Miskimmin, Samuel George (No. 17756)

Miskimmin, Samuel George (Samuel)


No. 18413, ‘C’ Company, 13th Battalion, Royal Irish Rifles, transferred to

No. 17756, 108th Company, Machine Gun Corps (Infantry), 36th (Ulster) Division

Died of wounds on Sunday 25 November 1917 (aged 23)


Hermies British Cemetery, France (Grave C. 9)


Commonwealth War Graves Commission

Raffrey Presbyterian Church

Killinchy Parish Church of Ireland Church


In some records his surname is spelt Miskimon, in others Miskimmon and in others Miskimin.

Samuel George Miskimmin was born on 26 February 1894 in the townland of Ballybundon and he was a son of David and Annie (Anna) Elizabeth (Bella) Miskimmin (nee Woods) who were married on 2 March 1877 in Second Saintfield Presbyterian Church.  David Miskimmin from Raffrey was a son of John Miskimmin, a farmer.  Anna Bella Woods was a daughter of Thomas Woods, a farmer.

The Miskimmin family lived in the townland of Ballybundon, Killinchy.

David Miskimmin was a farmer and he and Annie had at least twelve children including:

John (born 20 January 1878 in Ballygigan)

Robert (born 28 November 1880)

Agnes (born 24 June 1882)

Anna (born 21 January 1884)

David (born 18 September 1885; died of bronchitis in Ballybundon 5 January 1886)

David (born 10 July 1887 in Ballybundon)

Thomas (born 27 October 1888)

William (born 25 November 1889)

Margaret (Meta, born 22 November 1891)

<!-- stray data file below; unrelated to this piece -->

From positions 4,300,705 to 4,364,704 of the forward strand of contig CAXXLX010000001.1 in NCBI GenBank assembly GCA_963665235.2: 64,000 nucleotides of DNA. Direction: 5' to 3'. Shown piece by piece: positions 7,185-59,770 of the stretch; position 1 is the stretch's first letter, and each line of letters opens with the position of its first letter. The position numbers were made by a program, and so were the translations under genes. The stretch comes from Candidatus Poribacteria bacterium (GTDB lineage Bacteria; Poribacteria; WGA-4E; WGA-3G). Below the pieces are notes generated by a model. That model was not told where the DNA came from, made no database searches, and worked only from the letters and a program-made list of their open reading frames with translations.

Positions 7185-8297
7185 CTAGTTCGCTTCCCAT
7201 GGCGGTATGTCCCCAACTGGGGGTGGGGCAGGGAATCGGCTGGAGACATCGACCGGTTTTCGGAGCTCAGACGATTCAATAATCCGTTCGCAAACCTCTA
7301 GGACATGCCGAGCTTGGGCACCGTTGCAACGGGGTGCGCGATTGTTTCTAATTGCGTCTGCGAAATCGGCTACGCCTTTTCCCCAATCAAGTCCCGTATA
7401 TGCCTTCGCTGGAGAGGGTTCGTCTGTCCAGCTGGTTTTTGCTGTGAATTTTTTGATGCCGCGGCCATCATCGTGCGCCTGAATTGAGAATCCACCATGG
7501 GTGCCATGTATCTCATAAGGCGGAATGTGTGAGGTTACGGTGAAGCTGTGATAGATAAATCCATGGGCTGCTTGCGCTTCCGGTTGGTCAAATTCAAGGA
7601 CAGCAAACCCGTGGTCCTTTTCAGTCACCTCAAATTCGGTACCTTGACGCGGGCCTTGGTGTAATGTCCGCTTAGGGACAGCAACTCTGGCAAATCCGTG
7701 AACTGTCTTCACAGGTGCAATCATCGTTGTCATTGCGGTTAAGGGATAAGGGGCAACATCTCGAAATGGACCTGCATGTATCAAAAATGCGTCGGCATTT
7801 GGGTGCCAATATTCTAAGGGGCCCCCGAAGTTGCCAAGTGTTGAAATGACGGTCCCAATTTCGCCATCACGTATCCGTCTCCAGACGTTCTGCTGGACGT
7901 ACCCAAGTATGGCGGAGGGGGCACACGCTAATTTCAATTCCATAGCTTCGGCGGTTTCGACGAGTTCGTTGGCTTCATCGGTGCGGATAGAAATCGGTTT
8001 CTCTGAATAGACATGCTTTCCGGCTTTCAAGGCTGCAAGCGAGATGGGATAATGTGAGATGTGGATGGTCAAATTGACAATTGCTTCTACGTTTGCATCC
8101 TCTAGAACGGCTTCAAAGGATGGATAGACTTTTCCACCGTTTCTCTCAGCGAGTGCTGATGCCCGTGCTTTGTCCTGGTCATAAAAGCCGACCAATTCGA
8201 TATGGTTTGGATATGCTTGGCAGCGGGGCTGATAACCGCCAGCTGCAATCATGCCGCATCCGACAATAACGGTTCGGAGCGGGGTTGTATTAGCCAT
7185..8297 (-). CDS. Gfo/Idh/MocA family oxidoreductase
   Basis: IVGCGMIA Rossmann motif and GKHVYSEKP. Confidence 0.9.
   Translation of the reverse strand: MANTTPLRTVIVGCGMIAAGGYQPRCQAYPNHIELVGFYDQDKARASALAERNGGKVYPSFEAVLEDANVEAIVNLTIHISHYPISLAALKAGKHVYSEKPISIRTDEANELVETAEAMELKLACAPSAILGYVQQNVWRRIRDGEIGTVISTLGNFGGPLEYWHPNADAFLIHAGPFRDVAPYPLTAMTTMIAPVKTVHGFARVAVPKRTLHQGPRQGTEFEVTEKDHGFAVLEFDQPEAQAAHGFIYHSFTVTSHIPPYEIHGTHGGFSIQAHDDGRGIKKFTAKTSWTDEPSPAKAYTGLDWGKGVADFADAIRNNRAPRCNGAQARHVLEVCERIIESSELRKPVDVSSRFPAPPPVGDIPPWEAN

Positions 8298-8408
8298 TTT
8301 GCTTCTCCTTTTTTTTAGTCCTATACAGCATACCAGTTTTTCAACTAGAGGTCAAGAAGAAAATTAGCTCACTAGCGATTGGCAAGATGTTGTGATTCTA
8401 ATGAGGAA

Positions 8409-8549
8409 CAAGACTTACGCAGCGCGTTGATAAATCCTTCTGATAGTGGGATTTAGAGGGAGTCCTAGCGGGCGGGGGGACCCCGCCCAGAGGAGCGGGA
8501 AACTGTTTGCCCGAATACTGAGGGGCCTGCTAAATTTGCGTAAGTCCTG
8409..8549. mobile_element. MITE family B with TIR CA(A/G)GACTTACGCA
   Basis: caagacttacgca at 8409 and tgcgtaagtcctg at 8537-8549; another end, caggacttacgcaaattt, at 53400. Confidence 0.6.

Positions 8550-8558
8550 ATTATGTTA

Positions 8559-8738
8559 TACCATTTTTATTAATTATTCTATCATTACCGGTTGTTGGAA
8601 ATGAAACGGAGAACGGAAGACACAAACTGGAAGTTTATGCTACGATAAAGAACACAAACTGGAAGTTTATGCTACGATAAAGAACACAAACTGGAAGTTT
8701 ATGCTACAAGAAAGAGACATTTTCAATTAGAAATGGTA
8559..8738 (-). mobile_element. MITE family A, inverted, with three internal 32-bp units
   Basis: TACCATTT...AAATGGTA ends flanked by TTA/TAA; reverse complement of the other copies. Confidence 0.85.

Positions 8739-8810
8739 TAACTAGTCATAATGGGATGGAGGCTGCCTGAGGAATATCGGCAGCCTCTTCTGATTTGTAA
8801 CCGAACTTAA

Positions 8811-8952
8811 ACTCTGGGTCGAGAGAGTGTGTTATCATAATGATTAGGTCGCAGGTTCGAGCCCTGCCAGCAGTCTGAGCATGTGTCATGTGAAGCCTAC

Samuel (born 26 February 1894 in Ballybundon)

Prior to the outbreak of the Great War Samuel George Miskimmin worked for the machine manufacturing firm of Messrs Coombe, Barbour & Coombe in North Belfast.  He enlisted in Downpatrick and served with ‘C’ Company 13th Battalion Royal Irish Rifles (No. 18413) in 108th Brigade of the 36th (Ulster) Division.

Sergeant Samuel George Miskimmin was transferred to the Machine Gun Corps (No. 17756) and on 10 June 1916 he was wounded when an enemy shell exploded close by.  Private John Price from Comber was killed in the attack and Samuel wrote a letter of sympathy to John’s mother.

In the letter he said, ‘I cannot express in words how I felt when I came to myself and saw before me, in such a condition, poor John.  I could hardly realise that it was he, as we were speaking to each other so soon before.  He, being so much bigger than I, saved me from being perhaps killed.  I don’t know how I escaped at all, I had been knocked below him.  When I came to myself and saw what had happened, I wished it had been the other way, it was heartbreaking.’  Samuel went on, ‘I am now in hospital, I wanted to stop as I would have liked to be at the burial, but I had to come for a few days rest until my nerves got settled.  God knows I would gladly have gone in his place as I think he will be more missed than I would.’

Some 17 months later, on 25 November 1917, Sergeant Samuel Miskimmin (No. 17756) died of wounds received in action on 22 November 1917 at Cambrai.  He was 23 when he died and he was buried in Hermies British Cemetery, France.

Sergeant Samuel George Miskimmin (No. 17756) is commemorated in Raffrey Presbyterian Church and Killinchy Parish Church of Ireland Church.

Sergeant Samuel George Miskimmin (No. 17756) is listed on Comber and District War Memorial (surname spelt Miskimmon) as having served and survived.  His father David died on 12 February 1934 (aged 76).